Love’s Portrait – A Walking Tour

5. Mr Brown’s

  1. IMG_20200202_124254_resized_20200420_085607165

We could not miss out this next stop. For there is only one place to go for a breakfast hangover cure in the fictional world of Love’s Portrait and that is Mr Brown’s café, inspired by the real-life Mr Brown’s.

An extract from chapter sixteen

Molly held up a defensive hand. “Don’t judge me. When I have a hangover, the only thing that seems to help is a full monty breakfast roll from Mr. Brown’s around the corner. It literally has everything. I figured if I needed one, then you probably did too. Oh, I made an executive decision and went brown sauce and runny yolk. Good morning.”

“Thank God for you.” Georgina meant every word. “I’ll make you a strong coffee to go with it. I’ve already had two. I frankly feel like death warmed up.”

Molly beamed a smile in reply. She took off her hat and her hair fell loose at her shoulders and back. “Yep. I get that. I’m dosed up on paracetamol.” Molly gingerly lowered her sunglasses. “And still everything’s a bit too bright and a bit too loud.”

6. Church of St Mary de Castro, Castle View

  1. IMG_20200202_135109_resized_20200420_090044031

The mood became contemplative when we arrived at our next port of call the graveyard of St Mary de Castro.

Love’s Portrait was conceived from an earlier writing project ‘Women’s Writing in the Midlands 1750-1850’, which explored the work of brave female Abolitionists Elizabeth Heyrick and Susanna Watts. The significant contribution of women to the Abolitionist movement has been largely overshadowed by a patriarchal history. I began to ask myself what happens if your life’s achievements went unrecorded. And then imagine if your love went unacknowledged too, hidden from history. What then? The tragic character of Edith Hewitt was my answer to these questions.

In Love’s Portrait, I described Edith’s gravestone as marking just her name and dates of birth and death, leaving out the meaningful details of her existence. Susanna Watts is buried in St Mary de Castro. I had not at the point of writing seen the grave of Susanna Watts, and there was a sober, chilling sensation as we realised standing in front of Susanna’s grave that it was exactly as I had described Edith’s. A reminder, that the most powerful part of fiction is its truth.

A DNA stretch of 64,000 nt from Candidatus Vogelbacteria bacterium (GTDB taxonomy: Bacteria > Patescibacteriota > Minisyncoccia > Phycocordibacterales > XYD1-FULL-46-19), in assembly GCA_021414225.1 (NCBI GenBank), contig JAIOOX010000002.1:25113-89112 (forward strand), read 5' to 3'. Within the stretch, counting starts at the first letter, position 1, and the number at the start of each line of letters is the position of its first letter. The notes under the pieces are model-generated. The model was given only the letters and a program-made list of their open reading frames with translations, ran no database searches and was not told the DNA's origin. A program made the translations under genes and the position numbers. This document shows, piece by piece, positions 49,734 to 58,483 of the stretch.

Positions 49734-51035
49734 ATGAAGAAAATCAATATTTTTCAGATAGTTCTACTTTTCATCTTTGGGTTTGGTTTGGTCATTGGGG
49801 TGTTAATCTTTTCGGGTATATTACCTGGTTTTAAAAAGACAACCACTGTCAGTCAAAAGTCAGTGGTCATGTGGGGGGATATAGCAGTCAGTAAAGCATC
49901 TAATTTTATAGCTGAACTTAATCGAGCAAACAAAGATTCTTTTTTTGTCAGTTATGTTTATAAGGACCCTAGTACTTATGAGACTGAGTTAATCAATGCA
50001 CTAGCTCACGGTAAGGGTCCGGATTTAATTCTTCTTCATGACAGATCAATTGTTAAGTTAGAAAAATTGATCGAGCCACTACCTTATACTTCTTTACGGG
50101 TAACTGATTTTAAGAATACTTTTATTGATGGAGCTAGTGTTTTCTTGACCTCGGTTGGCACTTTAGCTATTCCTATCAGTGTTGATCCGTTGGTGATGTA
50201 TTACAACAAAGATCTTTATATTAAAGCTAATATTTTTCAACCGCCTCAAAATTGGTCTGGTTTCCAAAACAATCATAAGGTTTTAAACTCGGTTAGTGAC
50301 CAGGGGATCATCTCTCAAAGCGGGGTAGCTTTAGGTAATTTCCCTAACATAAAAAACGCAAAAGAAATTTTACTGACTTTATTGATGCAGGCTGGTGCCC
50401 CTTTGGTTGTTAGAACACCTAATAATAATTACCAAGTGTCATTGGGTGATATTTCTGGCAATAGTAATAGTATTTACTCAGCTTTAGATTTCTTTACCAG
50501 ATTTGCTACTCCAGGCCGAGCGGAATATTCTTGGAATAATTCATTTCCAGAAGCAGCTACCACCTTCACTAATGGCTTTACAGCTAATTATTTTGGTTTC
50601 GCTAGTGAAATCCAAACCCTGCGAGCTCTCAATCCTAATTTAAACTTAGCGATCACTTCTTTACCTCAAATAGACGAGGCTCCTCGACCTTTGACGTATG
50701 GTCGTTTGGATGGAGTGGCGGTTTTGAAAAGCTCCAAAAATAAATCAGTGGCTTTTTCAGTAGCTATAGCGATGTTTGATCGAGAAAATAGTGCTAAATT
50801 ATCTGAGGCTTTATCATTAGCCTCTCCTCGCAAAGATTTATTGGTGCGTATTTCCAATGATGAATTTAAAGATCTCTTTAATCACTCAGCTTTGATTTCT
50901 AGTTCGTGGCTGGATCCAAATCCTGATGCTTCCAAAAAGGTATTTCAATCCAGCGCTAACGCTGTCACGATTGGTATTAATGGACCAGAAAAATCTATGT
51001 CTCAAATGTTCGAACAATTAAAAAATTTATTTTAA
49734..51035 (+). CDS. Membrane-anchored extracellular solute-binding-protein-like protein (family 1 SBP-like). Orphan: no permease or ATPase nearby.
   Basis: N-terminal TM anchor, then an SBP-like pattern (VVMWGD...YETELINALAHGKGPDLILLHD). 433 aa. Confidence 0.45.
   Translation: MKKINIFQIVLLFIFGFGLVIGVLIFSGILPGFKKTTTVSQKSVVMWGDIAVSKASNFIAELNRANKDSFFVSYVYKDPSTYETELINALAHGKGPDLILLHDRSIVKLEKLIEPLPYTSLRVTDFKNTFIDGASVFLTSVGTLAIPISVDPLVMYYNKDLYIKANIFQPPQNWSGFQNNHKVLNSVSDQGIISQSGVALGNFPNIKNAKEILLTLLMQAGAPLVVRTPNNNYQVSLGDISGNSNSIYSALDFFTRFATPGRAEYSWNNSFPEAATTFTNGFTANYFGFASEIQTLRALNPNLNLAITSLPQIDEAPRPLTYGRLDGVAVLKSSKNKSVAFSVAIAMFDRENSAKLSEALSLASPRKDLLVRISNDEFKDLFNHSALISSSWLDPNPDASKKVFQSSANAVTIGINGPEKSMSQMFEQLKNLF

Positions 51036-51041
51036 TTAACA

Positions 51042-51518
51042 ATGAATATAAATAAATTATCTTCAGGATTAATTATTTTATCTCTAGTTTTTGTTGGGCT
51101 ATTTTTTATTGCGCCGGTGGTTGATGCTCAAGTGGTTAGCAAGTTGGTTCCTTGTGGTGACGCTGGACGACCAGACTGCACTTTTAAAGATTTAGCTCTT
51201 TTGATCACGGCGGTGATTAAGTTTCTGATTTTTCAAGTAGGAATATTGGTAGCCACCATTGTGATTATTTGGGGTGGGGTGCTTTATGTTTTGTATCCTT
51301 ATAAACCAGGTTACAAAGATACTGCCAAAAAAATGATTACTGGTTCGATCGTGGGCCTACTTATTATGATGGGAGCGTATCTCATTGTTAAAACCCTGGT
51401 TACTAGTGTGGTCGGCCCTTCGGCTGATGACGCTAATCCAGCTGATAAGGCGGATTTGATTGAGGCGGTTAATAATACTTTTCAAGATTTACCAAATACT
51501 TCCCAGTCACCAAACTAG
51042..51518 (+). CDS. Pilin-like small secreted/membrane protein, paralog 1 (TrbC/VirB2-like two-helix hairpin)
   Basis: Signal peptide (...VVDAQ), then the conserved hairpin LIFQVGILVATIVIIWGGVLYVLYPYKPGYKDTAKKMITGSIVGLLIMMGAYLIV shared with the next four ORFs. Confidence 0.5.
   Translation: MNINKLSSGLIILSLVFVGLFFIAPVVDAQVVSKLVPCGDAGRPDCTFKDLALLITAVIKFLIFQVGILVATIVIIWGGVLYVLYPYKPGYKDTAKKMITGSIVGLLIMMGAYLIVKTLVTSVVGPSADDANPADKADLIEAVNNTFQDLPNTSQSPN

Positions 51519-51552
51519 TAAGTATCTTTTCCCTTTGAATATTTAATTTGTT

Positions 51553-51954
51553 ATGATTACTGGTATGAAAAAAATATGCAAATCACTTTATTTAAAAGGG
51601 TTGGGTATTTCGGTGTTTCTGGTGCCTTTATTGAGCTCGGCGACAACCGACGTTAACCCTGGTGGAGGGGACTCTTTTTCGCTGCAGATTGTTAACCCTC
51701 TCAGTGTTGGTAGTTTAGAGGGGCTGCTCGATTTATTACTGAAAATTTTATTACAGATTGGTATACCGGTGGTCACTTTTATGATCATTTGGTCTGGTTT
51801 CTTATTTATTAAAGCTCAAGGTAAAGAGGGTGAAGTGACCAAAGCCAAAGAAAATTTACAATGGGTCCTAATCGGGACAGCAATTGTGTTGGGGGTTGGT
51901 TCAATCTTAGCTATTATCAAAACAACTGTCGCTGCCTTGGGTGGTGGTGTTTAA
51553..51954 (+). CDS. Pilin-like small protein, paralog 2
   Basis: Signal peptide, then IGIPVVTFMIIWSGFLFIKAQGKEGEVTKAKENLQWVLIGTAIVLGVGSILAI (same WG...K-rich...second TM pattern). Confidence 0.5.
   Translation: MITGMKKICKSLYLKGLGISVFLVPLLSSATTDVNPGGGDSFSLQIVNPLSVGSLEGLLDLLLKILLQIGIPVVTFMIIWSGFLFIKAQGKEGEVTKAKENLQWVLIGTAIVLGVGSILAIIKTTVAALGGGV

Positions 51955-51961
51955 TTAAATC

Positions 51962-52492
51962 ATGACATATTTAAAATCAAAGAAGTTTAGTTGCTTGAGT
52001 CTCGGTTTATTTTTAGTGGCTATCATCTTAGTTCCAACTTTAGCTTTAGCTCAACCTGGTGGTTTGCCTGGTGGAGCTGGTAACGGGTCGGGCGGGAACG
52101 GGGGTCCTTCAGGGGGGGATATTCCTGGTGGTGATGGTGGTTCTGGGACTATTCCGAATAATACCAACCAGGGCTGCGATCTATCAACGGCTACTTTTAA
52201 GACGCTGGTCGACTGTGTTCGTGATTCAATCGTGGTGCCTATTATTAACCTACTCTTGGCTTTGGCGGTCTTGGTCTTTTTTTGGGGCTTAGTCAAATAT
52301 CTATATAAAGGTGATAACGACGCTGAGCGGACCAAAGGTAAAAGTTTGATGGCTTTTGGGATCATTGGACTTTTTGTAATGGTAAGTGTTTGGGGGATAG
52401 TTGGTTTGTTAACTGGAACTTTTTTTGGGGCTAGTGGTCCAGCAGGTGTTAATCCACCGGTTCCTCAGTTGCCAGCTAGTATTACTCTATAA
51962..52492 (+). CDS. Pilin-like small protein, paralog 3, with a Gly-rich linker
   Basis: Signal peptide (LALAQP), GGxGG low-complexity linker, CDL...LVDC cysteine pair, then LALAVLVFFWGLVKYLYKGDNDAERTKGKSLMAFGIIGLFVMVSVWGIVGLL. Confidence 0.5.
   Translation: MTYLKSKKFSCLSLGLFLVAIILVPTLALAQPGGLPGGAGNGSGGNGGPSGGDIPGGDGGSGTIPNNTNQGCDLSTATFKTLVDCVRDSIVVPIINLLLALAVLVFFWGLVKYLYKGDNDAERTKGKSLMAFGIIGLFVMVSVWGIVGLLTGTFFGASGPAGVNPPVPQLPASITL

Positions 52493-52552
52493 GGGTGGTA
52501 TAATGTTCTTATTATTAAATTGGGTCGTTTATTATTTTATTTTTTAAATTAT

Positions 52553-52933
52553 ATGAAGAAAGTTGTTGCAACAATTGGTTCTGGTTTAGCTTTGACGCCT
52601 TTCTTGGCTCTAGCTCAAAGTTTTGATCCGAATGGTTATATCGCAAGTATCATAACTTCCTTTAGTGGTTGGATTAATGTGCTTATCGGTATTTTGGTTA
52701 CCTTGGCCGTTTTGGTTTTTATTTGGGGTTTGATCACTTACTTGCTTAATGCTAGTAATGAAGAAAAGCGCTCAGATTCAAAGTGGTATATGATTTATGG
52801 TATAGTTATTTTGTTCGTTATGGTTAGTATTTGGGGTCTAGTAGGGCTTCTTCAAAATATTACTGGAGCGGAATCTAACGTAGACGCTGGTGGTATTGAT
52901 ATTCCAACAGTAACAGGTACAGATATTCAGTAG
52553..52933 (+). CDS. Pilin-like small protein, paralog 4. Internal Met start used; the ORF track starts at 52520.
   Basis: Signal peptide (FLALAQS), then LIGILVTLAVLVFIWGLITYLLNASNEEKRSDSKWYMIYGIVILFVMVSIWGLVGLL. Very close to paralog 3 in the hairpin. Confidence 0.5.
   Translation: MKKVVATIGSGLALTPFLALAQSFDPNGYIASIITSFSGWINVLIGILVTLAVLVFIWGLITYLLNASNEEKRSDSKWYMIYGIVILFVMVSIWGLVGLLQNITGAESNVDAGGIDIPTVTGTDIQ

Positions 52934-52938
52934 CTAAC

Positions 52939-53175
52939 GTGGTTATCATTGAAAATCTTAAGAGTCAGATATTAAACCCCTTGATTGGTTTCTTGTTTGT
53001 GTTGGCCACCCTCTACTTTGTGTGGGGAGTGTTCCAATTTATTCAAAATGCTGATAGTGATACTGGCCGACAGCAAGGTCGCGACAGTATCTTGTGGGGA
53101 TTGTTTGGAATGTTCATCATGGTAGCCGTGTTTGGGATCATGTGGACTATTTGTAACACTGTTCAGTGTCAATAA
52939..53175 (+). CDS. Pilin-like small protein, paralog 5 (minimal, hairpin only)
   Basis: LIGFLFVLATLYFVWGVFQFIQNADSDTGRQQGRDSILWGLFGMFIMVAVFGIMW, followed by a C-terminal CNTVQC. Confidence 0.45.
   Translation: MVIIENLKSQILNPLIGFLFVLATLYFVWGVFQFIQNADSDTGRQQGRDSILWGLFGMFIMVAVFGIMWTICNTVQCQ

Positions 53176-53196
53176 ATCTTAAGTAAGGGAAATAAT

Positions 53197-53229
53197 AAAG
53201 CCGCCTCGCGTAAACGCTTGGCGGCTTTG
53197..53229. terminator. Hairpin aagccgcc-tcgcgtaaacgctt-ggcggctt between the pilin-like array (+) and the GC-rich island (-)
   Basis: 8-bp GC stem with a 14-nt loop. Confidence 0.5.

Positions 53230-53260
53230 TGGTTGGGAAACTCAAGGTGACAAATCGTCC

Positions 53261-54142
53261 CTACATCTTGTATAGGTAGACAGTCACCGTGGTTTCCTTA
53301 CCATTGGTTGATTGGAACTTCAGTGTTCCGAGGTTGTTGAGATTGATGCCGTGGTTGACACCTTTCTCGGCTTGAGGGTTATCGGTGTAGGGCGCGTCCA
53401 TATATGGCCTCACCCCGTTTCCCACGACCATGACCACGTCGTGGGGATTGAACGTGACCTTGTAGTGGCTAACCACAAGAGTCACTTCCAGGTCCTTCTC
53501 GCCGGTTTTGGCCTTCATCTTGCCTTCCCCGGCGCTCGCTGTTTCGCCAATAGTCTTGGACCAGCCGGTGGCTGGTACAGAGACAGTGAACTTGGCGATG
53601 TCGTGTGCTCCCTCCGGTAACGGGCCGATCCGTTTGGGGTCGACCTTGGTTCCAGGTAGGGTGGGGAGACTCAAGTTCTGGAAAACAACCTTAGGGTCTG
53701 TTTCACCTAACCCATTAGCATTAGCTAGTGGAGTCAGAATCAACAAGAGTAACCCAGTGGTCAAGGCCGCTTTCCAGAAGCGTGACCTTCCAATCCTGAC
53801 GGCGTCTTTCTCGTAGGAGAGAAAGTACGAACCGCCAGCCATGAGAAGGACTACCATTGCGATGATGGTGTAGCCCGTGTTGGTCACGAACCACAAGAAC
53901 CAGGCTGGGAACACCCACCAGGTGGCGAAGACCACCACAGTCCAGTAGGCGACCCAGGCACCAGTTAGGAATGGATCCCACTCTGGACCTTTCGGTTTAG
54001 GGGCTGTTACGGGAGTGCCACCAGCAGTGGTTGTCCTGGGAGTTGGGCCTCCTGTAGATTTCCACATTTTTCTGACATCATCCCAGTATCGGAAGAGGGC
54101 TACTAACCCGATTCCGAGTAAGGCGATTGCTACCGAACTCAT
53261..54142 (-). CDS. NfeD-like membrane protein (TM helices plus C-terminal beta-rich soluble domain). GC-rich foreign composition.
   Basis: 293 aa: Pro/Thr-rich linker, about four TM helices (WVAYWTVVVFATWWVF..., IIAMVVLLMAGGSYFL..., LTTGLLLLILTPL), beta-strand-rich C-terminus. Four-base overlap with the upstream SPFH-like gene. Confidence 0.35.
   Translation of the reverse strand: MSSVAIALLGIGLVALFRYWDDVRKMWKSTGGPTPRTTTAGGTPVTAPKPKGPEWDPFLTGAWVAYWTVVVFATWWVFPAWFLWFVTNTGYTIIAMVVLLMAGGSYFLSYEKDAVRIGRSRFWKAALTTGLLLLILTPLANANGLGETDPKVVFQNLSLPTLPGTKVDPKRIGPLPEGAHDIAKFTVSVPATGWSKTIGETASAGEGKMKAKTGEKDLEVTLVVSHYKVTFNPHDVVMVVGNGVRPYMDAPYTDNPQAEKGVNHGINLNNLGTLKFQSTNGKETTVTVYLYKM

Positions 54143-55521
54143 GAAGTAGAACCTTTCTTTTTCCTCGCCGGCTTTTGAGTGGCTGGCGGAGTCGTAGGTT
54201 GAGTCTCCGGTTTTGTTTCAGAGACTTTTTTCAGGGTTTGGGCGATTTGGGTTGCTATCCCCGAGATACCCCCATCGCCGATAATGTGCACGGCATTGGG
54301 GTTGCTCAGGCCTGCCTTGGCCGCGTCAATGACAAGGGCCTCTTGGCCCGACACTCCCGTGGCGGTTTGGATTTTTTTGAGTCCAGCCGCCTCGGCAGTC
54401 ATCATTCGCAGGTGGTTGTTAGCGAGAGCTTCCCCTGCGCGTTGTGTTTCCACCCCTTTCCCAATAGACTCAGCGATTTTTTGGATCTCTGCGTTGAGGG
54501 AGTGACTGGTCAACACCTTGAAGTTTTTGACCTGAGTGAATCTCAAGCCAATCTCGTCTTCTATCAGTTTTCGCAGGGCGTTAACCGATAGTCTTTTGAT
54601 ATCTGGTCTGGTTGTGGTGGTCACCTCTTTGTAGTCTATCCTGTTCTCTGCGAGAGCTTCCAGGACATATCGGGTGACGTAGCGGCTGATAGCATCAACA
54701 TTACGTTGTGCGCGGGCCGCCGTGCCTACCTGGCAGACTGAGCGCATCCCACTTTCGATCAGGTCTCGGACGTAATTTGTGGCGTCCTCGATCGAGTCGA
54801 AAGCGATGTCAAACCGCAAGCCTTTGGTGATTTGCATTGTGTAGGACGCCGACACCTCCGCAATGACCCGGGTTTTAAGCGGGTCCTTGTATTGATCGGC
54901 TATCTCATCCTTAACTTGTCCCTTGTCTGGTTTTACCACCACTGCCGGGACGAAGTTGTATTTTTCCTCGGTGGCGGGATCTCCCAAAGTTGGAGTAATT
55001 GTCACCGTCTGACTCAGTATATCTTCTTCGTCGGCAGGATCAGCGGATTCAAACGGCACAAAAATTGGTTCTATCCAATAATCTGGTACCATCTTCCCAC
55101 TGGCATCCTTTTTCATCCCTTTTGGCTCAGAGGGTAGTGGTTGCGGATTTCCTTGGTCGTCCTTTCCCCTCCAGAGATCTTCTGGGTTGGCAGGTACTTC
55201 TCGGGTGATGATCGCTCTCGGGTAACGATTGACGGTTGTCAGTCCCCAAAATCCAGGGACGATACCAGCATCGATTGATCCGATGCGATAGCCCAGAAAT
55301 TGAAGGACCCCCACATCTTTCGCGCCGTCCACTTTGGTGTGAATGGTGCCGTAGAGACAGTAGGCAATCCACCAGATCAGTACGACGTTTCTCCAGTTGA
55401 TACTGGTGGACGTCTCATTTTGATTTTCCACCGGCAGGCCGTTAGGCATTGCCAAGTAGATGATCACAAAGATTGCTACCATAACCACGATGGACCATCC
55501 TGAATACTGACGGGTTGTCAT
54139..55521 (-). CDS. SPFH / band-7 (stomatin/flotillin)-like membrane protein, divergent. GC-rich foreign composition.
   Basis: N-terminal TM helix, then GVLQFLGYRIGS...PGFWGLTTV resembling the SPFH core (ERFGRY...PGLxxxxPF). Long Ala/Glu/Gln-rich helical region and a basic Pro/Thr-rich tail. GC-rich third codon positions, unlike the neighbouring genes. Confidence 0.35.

IMG_20200202_134244_resized_20200420_090045240
Susanna Watts is buried in St Mary de Castro, Leicester.

An extract from chapter twenty-one

Georgina turned to Molly and said with a quiet disbelief, “She was only twenty-six. She died so young.”

Molly looked at her with a face shadowed with sadness, the smile that always greeted Georgina and that lit her heart with joy now heartbreakingly absent.

“Yes,” Molly said. “And the inscription on her gravestone is so cruelly brief, isn’t it? I mean, there’s no mention that Edith was a campaigner. No words of affection from her family or any loved one. Nothing. With such omissions and such silence they condemned her to be lost forever.”

Georgina moved to Molly and slipped her hand in hers and said, “She’s found now. You’ve found her.”

They stood silently looking at the grave with their unspoken thoughts, cast against the background rustle of the wind in the surrounding trees, blending in uneasy harmony with the sound of the city.

One thought on “Love’s Portrait – A Walking Tour

  1. Brilliant outing Anna and it all really brought the book more alive than ever. Thank you

Comments are closed.